Education Secretary John Swinney is to make a statement at Holyrood on the next steps towards reopening schools.
Pupils are due to return from 11 August, but will initially have a “blended” approach involving face-to-face teaching and at-home learning.
There has been speculation exams in 2021 could be delayed and that blended learning could last for a year.
Mr Swinney has said he wants to see at least 50% of pupils’ time spent physically in school.
First Minister Nicola Sturgeon has insisted blended learning will not be in place a moment longer than is necessary.
Ahead of Mr Swinney’s Holyrood statement, Ms Sturgeon said the government wanted children back into education “on a full-time, normal basis as quickly as possible”.
She added: “We recognise that from a mental health perspective getting children not just in school but interacting with their peers and their friends on a normal basis is really important.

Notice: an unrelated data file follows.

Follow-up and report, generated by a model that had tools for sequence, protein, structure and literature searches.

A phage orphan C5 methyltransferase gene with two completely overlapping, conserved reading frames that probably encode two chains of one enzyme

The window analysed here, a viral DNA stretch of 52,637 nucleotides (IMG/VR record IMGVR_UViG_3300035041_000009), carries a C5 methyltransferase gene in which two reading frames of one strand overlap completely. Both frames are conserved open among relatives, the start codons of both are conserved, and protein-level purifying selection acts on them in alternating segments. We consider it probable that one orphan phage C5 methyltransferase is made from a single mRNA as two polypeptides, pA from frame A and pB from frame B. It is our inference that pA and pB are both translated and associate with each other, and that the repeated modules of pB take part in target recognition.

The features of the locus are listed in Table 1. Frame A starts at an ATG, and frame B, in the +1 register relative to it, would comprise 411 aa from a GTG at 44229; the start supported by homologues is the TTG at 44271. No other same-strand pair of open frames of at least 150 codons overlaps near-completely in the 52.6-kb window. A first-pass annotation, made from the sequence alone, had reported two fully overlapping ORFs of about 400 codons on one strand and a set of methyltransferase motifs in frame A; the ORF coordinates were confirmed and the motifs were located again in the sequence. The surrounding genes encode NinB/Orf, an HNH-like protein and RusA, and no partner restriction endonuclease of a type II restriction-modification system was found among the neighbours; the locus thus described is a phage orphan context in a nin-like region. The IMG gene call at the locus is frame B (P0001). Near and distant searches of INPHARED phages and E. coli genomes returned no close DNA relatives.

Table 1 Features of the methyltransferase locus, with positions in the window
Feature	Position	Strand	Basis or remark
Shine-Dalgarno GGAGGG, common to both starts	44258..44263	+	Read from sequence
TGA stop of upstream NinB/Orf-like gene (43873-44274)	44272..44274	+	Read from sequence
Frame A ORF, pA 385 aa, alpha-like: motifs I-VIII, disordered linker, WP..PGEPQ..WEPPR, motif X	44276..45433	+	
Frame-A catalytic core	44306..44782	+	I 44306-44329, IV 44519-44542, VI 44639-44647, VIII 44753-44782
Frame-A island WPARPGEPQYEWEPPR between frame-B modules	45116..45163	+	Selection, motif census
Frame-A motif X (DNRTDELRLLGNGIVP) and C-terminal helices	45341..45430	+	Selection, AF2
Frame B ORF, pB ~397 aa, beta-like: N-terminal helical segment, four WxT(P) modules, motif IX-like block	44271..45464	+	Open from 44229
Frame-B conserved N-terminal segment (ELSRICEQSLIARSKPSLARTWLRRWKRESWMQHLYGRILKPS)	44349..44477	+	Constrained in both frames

“Hopefully we all agree that the return to full-time, normal education has to be safe and has to take account of the considerations to protect children’s physical health and also that of teachers, who are also often parents and have families as well.”
The Scottish Conservatives had demanded the government address MSPs on its plans before leaving for summer recess.
The party’s education spokesman Jamie Greene said: “The furore surrounding the SNP’s plans for reopening schools is symptomatic of its decade-long shambolic stewardship of Scotland’s education system.
“Parents are fuming and want answers from this SNP government.”
Last week, public health expert Devi Sridhar said she could “see right now no reason” why schools could not return full-time in August if coronavirus was suppressed and other precautions were put in place.
However, teachers’ unions have urged caution over the safe reopening of schools.
Grades for qualifications, including Highers and National 5s, will now be based on estimates by teachers and will be awarded by 4 August.